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Friday 4 September 2009


Saddened to learn that Keith Waterhouse died today, aged 80. He’d been ‘unwell’ for some time, doubtless emulating his friend Jeffrey Bernard… He was one of my writing idols. Waterhouse came from humble beginnings in Leeds but had the gift of words laced with humour. He was a great advocate for protecting the apostrophe from Philistines, ignoramuses and lazy officialdom, long before Lynne Truss adopted his standard.

Many years ago, I used to buy the Daily Mail and the Daily Mirror. They gave me two politically biased views of the world where news was concerned, so I could more or less work out that reality was perhaps somewhere in between. But I liked the Mirror for two special reasons: it contained the strip cartoon ‘The Perishers’ and at the time a Keith Waterhouse column. Later, Waterhouse moved to the Mail.

He was a consummate puncturer of pomposity. I have many books by him, besides his most famous, Billy Liar (1959); he wrote a sequel, Billy Liar on the Moon (1975). My two favourites are Waterhouse at Large, being samples of his columns from the Mirror, the Times and the Observer, and English, Our English (and how to sing it). Anyone who appreciates the written word will find joy in these books. He was prolific and versatile. I have two of his autobiographies, City Lights and Streets Ahead. He loved playing with words but respected the English language. It doesn’t matter which of his books you pick up – whether on Travel, Lunch or Newspaper Style, you’ll enjoy them at several levels.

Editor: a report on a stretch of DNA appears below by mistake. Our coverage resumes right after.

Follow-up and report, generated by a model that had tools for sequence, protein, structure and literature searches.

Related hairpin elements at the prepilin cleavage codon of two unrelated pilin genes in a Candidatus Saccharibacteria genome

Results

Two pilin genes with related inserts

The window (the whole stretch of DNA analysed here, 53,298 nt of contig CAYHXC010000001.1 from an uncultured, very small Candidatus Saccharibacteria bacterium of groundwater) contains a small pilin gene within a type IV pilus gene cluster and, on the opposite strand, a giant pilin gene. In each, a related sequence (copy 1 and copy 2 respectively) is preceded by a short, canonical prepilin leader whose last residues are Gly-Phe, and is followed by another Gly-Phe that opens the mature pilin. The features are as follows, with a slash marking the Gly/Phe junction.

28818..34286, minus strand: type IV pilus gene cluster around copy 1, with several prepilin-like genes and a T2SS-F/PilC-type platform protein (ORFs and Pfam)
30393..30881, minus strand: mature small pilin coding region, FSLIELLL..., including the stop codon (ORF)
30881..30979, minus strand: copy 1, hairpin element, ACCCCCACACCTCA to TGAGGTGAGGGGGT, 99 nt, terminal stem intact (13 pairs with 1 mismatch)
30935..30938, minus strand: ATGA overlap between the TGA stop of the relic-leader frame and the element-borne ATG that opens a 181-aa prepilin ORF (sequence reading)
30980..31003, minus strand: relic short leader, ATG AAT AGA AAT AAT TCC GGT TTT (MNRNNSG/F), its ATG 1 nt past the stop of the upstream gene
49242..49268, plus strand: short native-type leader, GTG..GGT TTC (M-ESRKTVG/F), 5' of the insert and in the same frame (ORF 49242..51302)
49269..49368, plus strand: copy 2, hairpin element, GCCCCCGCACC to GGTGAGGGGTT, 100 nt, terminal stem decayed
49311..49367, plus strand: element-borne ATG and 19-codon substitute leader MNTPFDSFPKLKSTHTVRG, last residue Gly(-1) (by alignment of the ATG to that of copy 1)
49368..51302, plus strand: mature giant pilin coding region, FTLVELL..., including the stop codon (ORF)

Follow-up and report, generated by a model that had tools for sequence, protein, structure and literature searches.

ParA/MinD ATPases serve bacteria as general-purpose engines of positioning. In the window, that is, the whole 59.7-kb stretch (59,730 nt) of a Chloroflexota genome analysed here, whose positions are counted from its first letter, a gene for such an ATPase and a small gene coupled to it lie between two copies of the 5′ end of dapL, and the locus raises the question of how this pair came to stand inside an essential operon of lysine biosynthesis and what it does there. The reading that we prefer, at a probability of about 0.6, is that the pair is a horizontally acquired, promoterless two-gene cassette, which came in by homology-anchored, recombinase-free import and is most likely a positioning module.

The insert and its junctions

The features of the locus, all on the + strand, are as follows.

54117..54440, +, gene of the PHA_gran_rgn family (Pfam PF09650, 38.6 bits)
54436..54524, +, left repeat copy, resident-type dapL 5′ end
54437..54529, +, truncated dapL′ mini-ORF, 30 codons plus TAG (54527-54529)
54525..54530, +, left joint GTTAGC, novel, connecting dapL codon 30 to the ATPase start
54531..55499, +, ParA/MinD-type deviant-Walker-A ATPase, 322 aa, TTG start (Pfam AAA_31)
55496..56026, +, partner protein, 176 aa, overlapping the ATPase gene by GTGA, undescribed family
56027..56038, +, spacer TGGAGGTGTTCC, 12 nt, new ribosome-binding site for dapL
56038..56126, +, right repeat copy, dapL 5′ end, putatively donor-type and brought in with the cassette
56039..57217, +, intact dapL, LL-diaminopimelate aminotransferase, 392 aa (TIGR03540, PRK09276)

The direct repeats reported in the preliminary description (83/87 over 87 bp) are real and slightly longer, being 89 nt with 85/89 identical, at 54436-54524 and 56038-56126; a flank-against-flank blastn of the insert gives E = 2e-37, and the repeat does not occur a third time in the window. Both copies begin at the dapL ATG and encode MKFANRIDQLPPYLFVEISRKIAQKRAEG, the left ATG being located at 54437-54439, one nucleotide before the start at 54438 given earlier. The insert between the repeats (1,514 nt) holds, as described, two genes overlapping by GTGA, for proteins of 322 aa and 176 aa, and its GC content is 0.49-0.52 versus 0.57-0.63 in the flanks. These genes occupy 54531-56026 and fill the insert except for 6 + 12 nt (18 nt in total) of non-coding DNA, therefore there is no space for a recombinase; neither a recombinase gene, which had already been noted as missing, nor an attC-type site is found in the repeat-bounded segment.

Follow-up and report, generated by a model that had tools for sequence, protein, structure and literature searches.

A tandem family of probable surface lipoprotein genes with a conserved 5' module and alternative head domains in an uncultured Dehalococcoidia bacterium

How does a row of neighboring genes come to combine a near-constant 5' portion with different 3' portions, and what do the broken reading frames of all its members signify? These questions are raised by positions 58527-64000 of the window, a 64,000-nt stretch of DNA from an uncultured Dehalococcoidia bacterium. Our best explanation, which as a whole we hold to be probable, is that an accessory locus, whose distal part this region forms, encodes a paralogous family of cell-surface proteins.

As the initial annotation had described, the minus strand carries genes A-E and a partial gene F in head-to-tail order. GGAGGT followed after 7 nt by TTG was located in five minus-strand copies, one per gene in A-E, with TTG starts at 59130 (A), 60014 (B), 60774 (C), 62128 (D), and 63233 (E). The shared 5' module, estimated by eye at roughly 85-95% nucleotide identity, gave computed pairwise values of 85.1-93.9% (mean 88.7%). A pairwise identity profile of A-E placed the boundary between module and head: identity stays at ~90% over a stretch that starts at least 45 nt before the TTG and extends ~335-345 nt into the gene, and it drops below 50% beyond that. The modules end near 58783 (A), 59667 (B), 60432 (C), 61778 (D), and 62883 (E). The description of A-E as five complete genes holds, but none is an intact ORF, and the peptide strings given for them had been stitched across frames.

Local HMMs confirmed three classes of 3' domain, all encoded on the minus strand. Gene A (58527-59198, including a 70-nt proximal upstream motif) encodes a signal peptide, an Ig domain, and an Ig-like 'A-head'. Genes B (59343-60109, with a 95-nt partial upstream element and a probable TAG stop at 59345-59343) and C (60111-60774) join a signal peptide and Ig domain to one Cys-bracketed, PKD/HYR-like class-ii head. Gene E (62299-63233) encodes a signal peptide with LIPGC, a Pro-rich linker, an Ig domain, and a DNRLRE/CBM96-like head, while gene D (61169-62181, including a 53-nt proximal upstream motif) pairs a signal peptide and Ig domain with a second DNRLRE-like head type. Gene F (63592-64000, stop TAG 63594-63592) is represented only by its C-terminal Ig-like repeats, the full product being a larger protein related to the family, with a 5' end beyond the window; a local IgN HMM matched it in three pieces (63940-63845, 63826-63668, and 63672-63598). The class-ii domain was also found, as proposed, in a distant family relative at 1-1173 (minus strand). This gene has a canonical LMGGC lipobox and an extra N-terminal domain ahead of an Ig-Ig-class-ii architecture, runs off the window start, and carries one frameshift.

In his later years, his facial features seemed to fit what many of his pieces may have been considered to be: curmudgeonly; it's as if the word was invented solely for him... He was inventive, funny and generous of nature. A great wordsmith has gone, but his words linger on.

He was known to drink champagne every day – he didn’t drive at all. So, to toast his memory tonight I shall open a bottle of Cava (heresy of heresies, but it’s cheaper yet as good as many champagnes). Cheers, Keith.


I.J. Parnham said...

The news saddened me too. I've pretty much read all of his books and as you say it didn't seem to matter what he wrote, fiction or non-fiction, it was always fascinating. My personal favourite was his novel Thinks.

Nik Morton said...

Yes, that's probably why he was never a big seller after Billy Liar. His output was so varied and he couldn't be pigeonholed.

David Robinson said...

I go for Office Life, but I began with There is a Happy Land and inevitably, Billy Liar.

A brilliant writer who is sadly missed.

Nik Morton said...

Yes, I agree, David, I particularly enjoyed Office Life - almost Kafkaesque, I felt.